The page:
Fermanagh bomb attack: PSNI calls for political action after ‘reckless’ incident

Senior officer says dissident republicans were behind the assault close to the Border

The PSNI believes officers were lured to the site of the suspected dissident bomb attack in Co Fermanagh in attempt to kill and injure them. Video: PSNI

 

Dissident republicans were behind the “indiscriminate and reckless” bomb attack close to the Border in Co Fermanagh in a deliberate attempt to kill officers, a senior PSNI officer has said.

PSNI deputy chief constable Stephen Martin appealed for political progress to help resist the threat from dissident republicanism in the wake of Monday’s bomb.

He said it was a deliberate attempt to kill police officers and soldiers from a British army bomb disposal unit.

Mr Martin said the bombing was most likely the work of the Continuity IRA or the New IRA. He suspected that PSNI officers and a team of British army ammunition technical officers were lured to the scene near Newtownbutler in a deliberate attempt to kill and injure them.

Suspicious

Since Sunday they had been dealing with a suspicious device in the area of the Cavan Road at its junction with the Wattle Bridge Road close to the Border with Co Cavan.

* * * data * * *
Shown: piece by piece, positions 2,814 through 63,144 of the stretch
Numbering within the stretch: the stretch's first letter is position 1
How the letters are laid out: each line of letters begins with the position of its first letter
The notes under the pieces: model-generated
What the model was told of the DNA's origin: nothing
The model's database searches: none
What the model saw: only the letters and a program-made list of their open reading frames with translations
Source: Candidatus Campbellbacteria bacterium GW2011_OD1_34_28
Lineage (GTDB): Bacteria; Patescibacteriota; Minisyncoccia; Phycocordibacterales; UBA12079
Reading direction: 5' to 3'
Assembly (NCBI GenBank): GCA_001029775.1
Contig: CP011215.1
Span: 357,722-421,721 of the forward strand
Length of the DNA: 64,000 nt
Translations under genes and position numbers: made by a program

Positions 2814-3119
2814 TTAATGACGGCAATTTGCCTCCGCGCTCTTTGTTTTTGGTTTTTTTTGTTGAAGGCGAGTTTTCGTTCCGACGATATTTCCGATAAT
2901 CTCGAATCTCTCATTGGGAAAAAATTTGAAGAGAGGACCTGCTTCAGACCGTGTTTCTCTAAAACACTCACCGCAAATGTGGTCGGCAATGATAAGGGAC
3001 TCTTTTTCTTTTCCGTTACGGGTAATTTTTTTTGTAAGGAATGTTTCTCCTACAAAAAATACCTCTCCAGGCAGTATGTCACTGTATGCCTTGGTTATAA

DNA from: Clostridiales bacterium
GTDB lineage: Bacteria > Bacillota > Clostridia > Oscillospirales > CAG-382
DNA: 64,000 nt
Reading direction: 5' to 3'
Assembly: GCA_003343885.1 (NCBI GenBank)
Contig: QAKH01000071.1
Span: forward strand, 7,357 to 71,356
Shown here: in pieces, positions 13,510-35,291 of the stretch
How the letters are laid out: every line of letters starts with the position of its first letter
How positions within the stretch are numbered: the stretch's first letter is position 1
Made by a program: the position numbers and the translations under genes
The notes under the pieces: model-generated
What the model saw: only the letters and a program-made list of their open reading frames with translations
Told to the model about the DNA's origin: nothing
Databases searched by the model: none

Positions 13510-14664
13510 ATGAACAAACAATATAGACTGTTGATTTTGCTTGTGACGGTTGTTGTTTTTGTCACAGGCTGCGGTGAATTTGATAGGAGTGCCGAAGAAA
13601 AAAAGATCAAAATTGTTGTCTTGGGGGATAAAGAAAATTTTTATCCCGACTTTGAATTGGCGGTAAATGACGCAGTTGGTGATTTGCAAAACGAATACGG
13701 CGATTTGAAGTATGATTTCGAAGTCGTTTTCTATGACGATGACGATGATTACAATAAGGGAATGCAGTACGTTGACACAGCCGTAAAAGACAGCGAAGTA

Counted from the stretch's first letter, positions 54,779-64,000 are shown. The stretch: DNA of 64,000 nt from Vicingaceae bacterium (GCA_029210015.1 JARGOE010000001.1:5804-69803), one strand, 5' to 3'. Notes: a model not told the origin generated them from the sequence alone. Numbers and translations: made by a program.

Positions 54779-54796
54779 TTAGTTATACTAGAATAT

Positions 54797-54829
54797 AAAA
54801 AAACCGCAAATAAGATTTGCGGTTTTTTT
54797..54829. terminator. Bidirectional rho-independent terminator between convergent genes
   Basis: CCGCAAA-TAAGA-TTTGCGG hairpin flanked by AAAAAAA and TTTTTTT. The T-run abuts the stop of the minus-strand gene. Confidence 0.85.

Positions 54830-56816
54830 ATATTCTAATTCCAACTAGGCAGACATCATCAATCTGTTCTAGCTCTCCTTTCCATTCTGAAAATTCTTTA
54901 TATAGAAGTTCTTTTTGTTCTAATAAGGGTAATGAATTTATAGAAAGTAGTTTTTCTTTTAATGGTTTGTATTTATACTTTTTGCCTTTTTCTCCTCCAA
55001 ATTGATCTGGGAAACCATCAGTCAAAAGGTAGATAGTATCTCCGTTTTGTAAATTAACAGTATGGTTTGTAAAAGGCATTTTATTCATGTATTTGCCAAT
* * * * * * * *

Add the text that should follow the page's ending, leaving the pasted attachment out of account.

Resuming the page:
Shortly after 10.30am on Monday there an “exceptionally loud explosion” some distance from where the hoax device was located. No one was injured in the explosion. However, Mr Martin said “if a person had been standing convenient to it they would have been very badly injured or possibly killed”.

Mr Martin said he believed dissident republicans were behind Monday’s attack. “The two who have been most active this year in Northern Ireland have been the Continuity IRA and the New IRA, and I think one of those groups would be a very good starting point for the investigation,” he said a press conference at PSNI headquarters in Belfast.

Uncertainty

“The Continuity IRA have been present for a long time, but I think it is fair to say their level of activity has increased this year,” he added.

Mr Martin said there were five dissident attempts to murder police officers this year, one of which resulted in the shooting dead by the New IRA of journalist Lyra McKee in Derry.

“Although this device was intended to kill police and army personnel the fact that it was placed on a main road the result could well have been devastating for anyone in the immediate vicinity,” he said.

Mr Martin acknowledged the “uncertainty” around Brexit but said he had nothing to directly link it to the attack. Mr Martin made clear his belief that the absence of a fully functioning Stormont Executive since January 2017 was contributing to community tensions. Politicians needed to provide leadership to demonstrate to the dissidents that “you do not represent the type of society we want to live in”, he said.

Taoiseach Leo Varadkar and British prime minister Boris Johnson spoke by phone yesterday and “reiterated their desire to see the Northern Ireland political institutions reinstated urgently, and agreed to work closely to this end”.